Teen pot use in Colorado has plummeted in the few years since the prohibition was lifted statewide, something many feared would skyrocket as a result of legalization efforts. According to a biannual poll conducted by Colorado's Department of Public Health and Environment, reported teen use of marijuana in the state has dropped approximately 22 percent since 2011, the year prior to the state's legalization of pot which restricted sale and consumption to those 21 and older.
Myth: Crime rates will increase as a result of marijuana legalization.
Fact: Crime rates have dipped dramatically in states with legal marijuana.
Yup. Legalizing a "street" drug has lead to a massive decrease (not increase) in crime rates in participating states. Who would have thought, right?
Washington State officials have recently begun to advocate for liberalized marijuana laws nationwide by promoting the promising statistics that have since emerged from the state's recent abolition of the marijuana prohibition. Marijuana violations in the state, for instance, are down 63 percent in the years since legalization while marijuana-related convictions are down by 81 percent. Additionally, the state garnered an extra $83 million in tax revenue from marijuana sales after the first year of legal sales which goes toward improving public works such as education and law enforcement.
Myth: "Stoners" are generally unproductive and contribute less to society.
Fact: Some of the world's most productive innovators are notorious stoners.
The stoner stereotype tends to revolve around a scraggly image of a half-witted degenerate working one of society's menial jobs to earn a paycheck just big enough to feed their habit while living in their parents' basement. Yet this stereotype frequently perpetuated by the mainstream media mischaracterizes a majority of pot smokers who use the drug to not only fuel their creativity but open their mind to complex concepts otherwise overlooked by the sober mind.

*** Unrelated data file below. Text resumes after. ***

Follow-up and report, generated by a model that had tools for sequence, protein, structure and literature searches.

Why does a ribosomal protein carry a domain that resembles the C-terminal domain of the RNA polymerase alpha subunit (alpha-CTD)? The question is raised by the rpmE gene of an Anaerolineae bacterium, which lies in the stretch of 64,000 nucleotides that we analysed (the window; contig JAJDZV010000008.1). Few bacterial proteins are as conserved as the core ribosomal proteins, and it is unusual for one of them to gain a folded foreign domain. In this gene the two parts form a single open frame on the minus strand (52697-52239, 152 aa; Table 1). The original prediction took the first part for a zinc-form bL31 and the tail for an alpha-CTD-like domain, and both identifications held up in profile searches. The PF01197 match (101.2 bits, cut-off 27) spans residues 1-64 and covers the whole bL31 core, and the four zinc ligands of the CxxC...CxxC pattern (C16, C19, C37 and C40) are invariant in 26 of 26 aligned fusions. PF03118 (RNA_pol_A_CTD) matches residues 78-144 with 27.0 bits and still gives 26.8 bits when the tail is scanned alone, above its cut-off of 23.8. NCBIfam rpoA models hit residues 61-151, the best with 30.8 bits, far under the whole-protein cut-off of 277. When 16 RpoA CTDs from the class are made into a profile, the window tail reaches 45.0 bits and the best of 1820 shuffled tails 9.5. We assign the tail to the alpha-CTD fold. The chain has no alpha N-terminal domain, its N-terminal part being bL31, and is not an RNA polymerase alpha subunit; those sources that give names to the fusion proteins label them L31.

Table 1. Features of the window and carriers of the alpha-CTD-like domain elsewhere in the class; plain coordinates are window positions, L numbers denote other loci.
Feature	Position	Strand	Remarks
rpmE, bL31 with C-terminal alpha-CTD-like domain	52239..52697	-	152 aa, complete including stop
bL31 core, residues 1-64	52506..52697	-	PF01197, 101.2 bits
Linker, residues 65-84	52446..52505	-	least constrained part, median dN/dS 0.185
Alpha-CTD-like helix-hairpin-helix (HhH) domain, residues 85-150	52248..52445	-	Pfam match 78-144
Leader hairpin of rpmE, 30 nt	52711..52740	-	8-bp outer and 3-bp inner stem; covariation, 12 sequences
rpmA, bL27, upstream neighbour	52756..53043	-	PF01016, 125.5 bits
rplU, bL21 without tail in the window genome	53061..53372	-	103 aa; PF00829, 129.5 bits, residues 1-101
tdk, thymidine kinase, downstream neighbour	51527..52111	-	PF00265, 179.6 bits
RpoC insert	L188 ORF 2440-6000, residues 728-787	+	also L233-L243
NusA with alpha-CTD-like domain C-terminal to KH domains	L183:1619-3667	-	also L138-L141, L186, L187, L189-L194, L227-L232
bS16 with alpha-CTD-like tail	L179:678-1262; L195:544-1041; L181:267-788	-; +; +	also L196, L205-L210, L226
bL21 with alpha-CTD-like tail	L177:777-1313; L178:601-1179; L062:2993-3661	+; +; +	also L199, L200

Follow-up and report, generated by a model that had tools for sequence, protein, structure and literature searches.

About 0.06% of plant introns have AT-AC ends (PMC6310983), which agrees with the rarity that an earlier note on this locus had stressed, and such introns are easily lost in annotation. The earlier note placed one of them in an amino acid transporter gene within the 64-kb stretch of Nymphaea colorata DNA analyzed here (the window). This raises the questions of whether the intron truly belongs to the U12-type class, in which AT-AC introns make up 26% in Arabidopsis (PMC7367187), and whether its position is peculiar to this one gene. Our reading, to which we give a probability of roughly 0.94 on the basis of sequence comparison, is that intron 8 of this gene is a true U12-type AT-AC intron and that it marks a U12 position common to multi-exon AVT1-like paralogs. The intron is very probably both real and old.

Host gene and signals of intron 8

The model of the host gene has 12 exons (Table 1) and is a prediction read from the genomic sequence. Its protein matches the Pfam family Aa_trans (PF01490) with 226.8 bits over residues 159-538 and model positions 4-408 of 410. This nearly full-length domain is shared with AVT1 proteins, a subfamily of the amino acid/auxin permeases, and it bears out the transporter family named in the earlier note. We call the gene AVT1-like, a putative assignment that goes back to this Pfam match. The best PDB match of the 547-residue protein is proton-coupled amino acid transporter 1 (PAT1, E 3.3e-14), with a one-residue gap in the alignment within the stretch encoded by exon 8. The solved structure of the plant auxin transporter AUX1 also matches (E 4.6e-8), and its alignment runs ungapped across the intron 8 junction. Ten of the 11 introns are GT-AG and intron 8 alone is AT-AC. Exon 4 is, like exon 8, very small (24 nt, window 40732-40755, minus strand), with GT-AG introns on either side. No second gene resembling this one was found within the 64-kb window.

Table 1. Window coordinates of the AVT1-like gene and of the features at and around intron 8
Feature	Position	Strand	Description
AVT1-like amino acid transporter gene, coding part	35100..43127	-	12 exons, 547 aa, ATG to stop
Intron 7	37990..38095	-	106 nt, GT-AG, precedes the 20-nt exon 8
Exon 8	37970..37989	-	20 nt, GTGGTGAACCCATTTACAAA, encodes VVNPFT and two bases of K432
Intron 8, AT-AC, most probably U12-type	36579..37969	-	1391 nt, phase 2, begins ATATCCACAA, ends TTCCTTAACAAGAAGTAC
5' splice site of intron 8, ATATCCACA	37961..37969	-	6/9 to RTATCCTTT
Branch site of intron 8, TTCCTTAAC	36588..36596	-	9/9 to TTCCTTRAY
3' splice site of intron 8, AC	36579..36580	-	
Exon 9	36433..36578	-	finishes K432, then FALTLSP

Michael Phelps was caught smoking from a bong just months after setting an Olympic record, costing him sponsorships left and right due to his tarnished public image. No child should look up to someone who smokes marijuana, right? Even if it had no effect on his athletic performance or general moral standards? Yeah. Makes sense.
Barack Obama took on Bill Clinton's famous, "I didn't inhale," comment from his 1990's presidency by clarifying to reporters when confronted about the issue that, "When I was a kid, I inhaled. That was the point." He isn't the only president to have ties to marijuana outside of the White House, either. Abraham Lincoln reportedly revealed in his personal writings that he enjoyed sparking up. Even George Washington and Thomas Jefferson were notorious for growing hemp on their own respective farmlands.
Stoners are far more coherent and successful than many skeptics bother to realize. Pot doesn't hinder their potential but rather enhances it, contrary to popular belief. Apple CEO and co-founder Steve Jobs openly enjoyed toking up during his lifetime as did world-famous astronomer and author Carl Sagan. Even Morgan Freeman is a cannabis connoisseur. The idea that marijuana is a detriment to one's character and ultimate success is one of the biggest misconceptions perpetuated by its opponents.
Understanding the imbalance within the current mainstream media's portrayal of legalization efforts is key for viewers as the media has historically sided with those promoting the prohibition. Outlets are often times bound by their sponsor's special interests including pharmaceutical companies, who oppose medical marijuana, and the alcohol industry, who see legal marijuana as a threat to sales and can sometimes be prohibited from promoting pot legislation altogether.
Essentially, there's no need to fear marijuana legalization, no matter how much the media may attempt to convince you otherwise.